How do you effectively communicate the NPSGs (or any other change initiative) to all personnel? Sometimes organizations will implement initiatives and performance improvement training with score cards, only to find that the initiatives did not produce the expected results. Prior to launching any new initiative for performance improvement toward NPSGs compliances, management needs to take the extra steps to communicate clearly to employees the background of the current situation within the organization, explain why there is a need for performance improvement, and emphasize what the stake are if the organization isn’t compliant.

The transformation process in change management involves changing employees’ behavior to enhance personnel capabilities. According to Kurt Lewin’s model in the traditional change management, there are three phases of change: (1) unfreezing, (2) change, and (3) refreezing that specifically focuses on employees’ behavior or involvement. In general, employees would not necessarily change their behavior just because the organization performs poorly or there are new standards to follow. Employees will keep their attitudes or behaviors when they feel comfortable or safe with the current behavior and there’s no sense of urgency to change their behavior or the work environment allows them to choose not to change. Lewin’s model identifies that in the unfreezing phase there should be open communication and motivation to employees to understand the situation fully. Allowing employees to question the status quo or feel discomfort with the current practices creates “buy-in.” Employees feel invested in the process and that in turn facilitates employees’ participation in the next phase: “change,” when the new improvement strategy is adopted. The last phase, “refreeze,” is implementing and sustaining the change.

Employees’ attitudes are structured along three dimensions labeled as cognitive attitudes (beliefs), emotional attitudes (individual feelings), and intentional attitudes (evaluations based on past or intentional behavior). Communication to explain and motivate employees will help overcome uncertainties and enhance employees’ control and well-being, which in turn promotes empowerment. McEwan studied the indicators of personal empowerment include improved perceptions of self-worth, empathy and perceived ability to help others, the ability to analyze problems, a belief in one’s ability to exert control over life circumstances, and a sense of coherence about one’s place in the world. McEwan pointed out that within the empowerment framework change begins at an individual level; as an individual becomes more empowered, their increased personal capacity makes a positive impact on an organization or group, and ultimately, the wider community. In general, people are not resistant to change; however, they mostly object on being told to change. By investing the extra time and efforts on open communication to motivate employees and create buy-in, the organizational change initiatives will have a much higher probability of success and sustainability.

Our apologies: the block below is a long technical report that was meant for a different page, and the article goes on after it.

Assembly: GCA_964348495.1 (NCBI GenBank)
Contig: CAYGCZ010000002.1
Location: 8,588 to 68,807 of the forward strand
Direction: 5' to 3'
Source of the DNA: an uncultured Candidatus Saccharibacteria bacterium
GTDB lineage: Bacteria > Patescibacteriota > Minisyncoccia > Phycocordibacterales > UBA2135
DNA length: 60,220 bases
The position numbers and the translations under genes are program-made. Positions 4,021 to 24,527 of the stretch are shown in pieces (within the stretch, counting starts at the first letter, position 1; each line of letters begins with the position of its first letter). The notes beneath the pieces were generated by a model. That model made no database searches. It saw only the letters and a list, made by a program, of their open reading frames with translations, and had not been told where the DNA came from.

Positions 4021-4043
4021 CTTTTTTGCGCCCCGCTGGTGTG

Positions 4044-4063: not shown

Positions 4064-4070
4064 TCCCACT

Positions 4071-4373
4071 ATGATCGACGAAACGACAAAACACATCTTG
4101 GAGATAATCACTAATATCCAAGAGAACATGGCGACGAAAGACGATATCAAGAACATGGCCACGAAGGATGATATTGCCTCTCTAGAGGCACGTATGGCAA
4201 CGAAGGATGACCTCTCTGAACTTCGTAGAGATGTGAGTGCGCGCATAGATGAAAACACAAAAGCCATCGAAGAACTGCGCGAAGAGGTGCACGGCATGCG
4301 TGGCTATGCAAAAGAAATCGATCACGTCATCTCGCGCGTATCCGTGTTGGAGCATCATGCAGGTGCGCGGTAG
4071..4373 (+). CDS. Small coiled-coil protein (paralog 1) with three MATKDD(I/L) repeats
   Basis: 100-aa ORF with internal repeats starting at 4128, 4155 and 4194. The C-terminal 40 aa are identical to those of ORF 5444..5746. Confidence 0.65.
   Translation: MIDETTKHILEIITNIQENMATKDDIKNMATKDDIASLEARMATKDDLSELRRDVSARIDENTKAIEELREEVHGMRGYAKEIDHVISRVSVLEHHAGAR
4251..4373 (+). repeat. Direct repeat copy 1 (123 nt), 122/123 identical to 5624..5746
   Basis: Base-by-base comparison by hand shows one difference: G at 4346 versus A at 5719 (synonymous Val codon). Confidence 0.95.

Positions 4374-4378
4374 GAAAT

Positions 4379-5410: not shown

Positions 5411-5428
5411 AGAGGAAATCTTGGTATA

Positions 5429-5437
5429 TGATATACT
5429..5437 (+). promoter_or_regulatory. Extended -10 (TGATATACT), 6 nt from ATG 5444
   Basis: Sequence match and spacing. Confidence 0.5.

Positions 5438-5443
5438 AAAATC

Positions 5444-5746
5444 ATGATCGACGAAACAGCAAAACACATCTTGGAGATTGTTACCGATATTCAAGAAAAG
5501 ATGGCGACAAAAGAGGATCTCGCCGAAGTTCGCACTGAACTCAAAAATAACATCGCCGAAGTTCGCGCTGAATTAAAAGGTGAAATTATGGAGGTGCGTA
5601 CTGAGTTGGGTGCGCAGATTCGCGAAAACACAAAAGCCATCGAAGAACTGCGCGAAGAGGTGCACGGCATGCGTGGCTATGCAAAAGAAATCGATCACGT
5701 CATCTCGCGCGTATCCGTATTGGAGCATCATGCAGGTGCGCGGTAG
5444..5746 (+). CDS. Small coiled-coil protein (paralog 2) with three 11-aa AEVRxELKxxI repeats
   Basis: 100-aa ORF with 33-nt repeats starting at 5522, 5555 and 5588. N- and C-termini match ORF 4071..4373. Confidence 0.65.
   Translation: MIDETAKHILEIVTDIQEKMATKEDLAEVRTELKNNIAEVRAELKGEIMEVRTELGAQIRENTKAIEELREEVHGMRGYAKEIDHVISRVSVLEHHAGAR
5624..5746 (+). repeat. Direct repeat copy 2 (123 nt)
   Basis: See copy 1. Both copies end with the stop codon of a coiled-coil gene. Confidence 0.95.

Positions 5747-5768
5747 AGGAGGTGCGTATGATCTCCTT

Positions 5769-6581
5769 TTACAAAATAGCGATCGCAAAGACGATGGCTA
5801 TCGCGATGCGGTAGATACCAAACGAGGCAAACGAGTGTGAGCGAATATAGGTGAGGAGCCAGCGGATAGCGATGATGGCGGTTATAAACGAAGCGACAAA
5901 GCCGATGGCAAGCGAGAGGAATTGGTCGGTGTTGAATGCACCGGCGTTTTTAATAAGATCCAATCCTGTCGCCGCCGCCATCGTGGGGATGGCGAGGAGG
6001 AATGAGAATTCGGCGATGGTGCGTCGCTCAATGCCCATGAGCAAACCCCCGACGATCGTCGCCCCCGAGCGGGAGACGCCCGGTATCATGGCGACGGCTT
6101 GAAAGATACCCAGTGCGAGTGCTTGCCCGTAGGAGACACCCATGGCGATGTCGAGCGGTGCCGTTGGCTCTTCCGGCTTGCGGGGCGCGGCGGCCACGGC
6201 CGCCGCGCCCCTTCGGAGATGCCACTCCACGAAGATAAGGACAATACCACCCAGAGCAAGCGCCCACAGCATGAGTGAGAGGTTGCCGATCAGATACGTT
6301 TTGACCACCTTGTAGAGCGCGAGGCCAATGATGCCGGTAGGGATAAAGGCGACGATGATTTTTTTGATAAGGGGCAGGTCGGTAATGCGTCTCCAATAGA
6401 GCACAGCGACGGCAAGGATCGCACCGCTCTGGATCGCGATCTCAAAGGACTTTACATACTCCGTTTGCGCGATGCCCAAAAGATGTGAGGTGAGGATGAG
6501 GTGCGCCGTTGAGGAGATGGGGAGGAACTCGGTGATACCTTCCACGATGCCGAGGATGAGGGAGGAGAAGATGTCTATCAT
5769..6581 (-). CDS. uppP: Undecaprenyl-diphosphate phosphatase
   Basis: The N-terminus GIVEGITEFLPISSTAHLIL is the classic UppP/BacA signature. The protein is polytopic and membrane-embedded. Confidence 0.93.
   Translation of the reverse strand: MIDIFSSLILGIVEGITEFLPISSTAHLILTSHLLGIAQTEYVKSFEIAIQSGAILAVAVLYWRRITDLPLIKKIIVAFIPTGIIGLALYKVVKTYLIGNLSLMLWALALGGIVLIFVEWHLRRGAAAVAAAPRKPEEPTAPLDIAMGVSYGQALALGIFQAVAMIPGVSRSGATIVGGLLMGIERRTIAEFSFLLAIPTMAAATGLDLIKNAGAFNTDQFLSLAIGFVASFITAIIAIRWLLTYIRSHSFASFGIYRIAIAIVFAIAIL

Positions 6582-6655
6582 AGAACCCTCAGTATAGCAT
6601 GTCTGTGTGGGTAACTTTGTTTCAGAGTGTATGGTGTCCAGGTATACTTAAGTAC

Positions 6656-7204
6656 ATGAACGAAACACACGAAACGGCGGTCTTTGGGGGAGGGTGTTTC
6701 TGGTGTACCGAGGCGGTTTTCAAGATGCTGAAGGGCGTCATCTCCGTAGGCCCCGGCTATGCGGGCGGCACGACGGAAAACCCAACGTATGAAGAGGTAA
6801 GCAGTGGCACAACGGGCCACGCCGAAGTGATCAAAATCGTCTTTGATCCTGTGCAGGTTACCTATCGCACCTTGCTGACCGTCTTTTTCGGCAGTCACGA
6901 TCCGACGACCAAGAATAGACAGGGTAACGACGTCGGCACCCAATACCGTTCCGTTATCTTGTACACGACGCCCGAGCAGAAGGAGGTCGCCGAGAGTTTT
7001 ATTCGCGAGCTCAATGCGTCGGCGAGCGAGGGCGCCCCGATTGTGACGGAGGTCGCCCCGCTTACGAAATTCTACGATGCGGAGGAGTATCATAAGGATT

References:

http://www.jointcommission.org/assets/1/6/HAP_NPSG_Chapter_2014.pdf

Lewin, K. (1947), “Frontiers in group dynamics”, Human Relations, 1(2), 143-53.

Pideret, S.K. (2000), “Rethinking resistance and recognizing ambivalence: a multidimensional view of attitudes toward an organizational change”, Academy of Management Review, 25(5), 783-94.

McEwan, Alexandra B,B.A. (Anthropology)(Hons), L.L.B.(H., Tsey, K.,PhD.(Social Sciences), McCalman, J., & Travers, Helen J,GradDip Primary Health Care. (2010). Empowerment and change management in aboriginal organizations: A case study. Australian Health Review, 34(3), 360-7.

 

Information on policies or practices are solely from my personal experience ONLY and have NO relation to my affiliation with any regulatory or government agency.

satyadi

-Caroline Satyadi, MT(ASCP), SM, DLM, SLS, MBA, MS, CQA (ASQ) has been a laboratory management professional for over 25 years. She has worked with several different medical industries for CLIA/CMS, FDA/ICH/ISO, TJC/CAP/COLA/HFAP accreditation survey readiness.